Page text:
If you only have weeks or months, pick one state, and do that first. Enjoy everything that state has to offer, without feeling rushed to move on to the next spot. If you haven’t done your home state yet, that’s the perfect place to start. There are so many underrated places in Australia that could be in your backyard. If you want to explore a new state, commit and go for it. For example, if you have 4 weeks off work and you’re from South Australia and want to explore western Australia, spend 3 days driving there so you have 24 days to slow down and explore. If you only have a week or two to explore, another option is flying to your destination and renting a campervan. This can be expensive, but works well for some people. 

James price point, broome, camping

 When to Travel Australia:

 Weather: Depending on where you’re going, follow the weather. If doing a lap of Australia, ideally travel through the south during summertime and north during winter. The bottom half of Australia has thousands of stunning beaches, so it’s best to enjoy them when the weather is warm. The Australian summer goes from December-February, and winter is June-August. Winter is the best time to explore the Northern Territory, and top of WA/QLD. These parts of Australia only have two seasons. Wet and Dry. Winter time is the Dry season, and summertime is the wet season. The dry season is the best time to travel these areas because it hardly ever rains, and all the roads and national parks are open. It’s also less humid, which makes it easier to sleep in a vehicle. However, the wet season is amazing to witness with all the rain, just preferably not on a road trip.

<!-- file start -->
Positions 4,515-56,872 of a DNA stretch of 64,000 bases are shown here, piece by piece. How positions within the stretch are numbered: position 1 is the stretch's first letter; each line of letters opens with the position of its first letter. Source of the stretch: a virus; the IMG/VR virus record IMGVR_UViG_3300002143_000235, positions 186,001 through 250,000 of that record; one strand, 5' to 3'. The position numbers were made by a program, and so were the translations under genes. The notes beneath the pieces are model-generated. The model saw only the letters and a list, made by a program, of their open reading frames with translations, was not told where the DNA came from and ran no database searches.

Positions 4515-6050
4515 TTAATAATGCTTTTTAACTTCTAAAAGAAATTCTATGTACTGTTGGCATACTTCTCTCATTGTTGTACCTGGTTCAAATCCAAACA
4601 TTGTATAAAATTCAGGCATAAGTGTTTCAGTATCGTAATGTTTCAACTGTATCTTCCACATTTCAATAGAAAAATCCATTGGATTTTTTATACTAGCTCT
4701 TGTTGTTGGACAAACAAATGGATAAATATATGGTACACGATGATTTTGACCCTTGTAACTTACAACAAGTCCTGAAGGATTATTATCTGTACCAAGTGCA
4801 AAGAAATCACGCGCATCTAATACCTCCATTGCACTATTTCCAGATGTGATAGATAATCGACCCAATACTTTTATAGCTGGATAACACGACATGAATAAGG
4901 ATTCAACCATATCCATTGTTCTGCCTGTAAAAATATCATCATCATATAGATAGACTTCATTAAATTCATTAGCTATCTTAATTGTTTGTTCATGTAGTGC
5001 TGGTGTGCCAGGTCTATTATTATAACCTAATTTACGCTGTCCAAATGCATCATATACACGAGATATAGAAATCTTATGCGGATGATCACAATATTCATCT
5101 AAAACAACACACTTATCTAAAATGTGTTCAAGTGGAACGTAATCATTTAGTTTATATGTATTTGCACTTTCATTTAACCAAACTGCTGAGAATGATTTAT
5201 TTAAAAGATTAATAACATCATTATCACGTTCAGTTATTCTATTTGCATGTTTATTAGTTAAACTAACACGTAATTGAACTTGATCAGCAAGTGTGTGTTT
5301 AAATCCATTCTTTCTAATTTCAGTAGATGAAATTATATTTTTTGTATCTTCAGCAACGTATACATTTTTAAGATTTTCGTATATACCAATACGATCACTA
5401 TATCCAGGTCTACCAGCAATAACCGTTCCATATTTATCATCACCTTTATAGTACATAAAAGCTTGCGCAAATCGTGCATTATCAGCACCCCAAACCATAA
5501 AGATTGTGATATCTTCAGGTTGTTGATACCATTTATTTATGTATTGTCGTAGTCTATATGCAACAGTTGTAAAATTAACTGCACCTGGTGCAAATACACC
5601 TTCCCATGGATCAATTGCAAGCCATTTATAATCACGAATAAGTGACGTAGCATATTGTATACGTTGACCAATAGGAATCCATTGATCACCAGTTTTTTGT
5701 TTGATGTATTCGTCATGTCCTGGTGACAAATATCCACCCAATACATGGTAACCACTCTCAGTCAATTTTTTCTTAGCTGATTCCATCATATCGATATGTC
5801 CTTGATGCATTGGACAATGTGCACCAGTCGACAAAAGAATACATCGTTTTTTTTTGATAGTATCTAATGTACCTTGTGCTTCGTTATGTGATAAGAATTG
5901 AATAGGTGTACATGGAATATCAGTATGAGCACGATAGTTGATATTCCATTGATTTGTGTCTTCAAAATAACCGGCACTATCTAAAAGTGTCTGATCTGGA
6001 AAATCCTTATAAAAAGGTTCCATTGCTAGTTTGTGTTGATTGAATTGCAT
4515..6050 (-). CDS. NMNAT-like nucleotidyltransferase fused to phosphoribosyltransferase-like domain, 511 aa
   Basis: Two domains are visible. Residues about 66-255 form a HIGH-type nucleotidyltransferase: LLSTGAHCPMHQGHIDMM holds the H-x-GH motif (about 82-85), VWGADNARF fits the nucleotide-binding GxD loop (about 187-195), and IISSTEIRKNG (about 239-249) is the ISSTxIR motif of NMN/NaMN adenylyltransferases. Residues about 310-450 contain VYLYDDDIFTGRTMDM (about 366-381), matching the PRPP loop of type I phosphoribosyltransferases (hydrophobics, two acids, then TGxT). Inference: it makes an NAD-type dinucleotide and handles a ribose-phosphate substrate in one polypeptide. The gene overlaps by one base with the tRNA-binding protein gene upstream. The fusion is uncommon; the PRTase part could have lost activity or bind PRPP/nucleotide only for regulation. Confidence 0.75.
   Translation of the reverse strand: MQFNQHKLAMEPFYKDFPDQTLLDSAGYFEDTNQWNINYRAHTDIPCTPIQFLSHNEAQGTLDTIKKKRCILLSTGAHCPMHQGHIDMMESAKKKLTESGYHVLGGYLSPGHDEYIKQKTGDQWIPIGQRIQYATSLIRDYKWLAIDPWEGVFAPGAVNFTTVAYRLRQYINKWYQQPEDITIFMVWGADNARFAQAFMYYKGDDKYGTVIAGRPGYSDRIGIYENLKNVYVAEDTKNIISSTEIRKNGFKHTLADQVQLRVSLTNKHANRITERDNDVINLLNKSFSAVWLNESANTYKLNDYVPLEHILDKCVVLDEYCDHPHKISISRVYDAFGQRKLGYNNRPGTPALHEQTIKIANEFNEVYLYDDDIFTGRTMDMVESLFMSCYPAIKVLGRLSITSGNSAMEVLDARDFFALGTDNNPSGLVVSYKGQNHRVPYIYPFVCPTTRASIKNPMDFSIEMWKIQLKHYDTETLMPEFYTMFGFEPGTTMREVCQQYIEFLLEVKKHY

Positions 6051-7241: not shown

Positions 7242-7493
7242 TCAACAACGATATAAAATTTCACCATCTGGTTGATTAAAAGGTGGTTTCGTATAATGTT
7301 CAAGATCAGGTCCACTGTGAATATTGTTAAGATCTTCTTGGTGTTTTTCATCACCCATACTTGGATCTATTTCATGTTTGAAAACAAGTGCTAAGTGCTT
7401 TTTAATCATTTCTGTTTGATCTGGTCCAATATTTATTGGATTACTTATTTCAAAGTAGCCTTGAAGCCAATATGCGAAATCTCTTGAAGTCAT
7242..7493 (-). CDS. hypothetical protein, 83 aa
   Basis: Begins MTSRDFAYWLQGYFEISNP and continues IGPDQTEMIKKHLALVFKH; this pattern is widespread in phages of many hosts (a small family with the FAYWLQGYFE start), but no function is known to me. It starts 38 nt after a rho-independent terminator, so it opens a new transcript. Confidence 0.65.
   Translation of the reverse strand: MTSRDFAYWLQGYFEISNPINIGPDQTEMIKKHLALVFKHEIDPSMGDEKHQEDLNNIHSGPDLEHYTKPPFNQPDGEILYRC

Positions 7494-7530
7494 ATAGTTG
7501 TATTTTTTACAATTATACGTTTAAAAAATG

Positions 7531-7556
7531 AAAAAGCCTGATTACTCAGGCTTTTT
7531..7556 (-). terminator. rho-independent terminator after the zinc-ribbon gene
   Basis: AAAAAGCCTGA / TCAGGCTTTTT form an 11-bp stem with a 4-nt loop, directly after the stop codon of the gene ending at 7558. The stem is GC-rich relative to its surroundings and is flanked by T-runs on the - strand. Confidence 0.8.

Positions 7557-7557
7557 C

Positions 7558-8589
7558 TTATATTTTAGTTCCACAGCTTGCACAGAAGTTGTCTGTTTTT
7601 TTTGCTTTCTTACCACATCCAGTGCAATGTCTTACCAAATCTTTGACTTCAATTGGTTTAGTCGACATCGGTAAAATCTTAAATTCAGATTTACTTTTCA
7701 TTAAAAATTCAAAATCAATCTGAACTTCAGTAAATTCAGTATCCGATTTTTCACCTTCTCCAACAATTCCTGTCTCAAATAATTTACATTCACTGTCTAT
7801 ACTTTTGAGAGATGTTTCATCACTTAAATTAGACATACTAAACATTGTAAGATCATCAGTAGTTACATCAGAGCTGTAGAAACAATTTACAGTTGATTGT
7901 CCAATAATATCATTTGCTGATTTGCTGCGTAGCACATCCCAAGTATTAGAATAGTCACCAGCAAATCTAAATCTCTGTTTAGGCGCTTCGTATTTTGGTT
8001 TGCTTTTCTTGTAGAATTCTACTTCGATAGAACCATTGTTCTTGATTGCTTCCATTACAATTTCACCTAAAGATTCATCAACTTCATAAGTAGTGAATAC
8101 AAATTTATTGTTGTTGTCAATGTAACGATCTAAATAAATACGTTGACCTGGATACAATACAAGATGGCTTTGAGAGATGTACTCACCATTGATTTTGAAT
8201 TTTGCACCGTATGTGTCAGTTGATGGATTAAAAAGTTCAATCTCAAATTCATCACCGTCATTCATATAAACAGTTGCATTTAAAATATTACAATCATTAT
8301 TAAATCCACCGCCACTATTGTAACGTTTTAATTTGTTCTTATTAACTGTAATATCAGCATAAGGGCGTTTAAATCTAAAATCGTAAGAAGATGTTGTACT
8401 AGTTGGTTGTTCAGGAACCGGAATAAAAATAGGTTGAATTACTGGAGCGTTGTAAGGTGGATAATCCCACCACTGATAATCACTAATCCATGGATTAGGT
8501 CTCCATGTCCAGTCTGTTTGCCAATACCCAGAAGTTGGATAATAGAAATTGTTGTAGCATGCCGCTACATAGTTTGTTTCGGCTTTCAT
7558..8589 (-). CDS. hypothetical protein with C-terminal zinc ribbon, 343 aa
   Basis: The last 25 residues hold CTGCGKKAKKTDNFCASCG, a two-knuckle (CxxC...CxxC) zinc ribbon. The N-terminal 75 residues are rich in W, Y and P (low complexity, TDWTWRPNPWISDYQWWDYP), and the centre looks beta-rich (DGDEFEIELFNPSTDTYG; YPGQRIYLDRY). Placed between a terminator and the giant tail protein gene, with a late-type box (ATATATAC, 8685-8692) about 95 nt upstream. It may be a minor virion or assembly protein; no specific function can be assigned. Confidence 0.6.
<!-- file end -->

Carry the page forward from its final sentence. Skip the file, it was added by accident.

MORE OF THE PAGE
Holidays: If you can only travel Australia during the holidays, prepare to be surrounded by a lot of people. This isn’t a bad thing, but if you’re someone who likes enjoying places to yourself, avoid the holiday season. Typically, Australian school holidays run from (Give or take a week depending on the state/year) :

  • 10th April -26th of April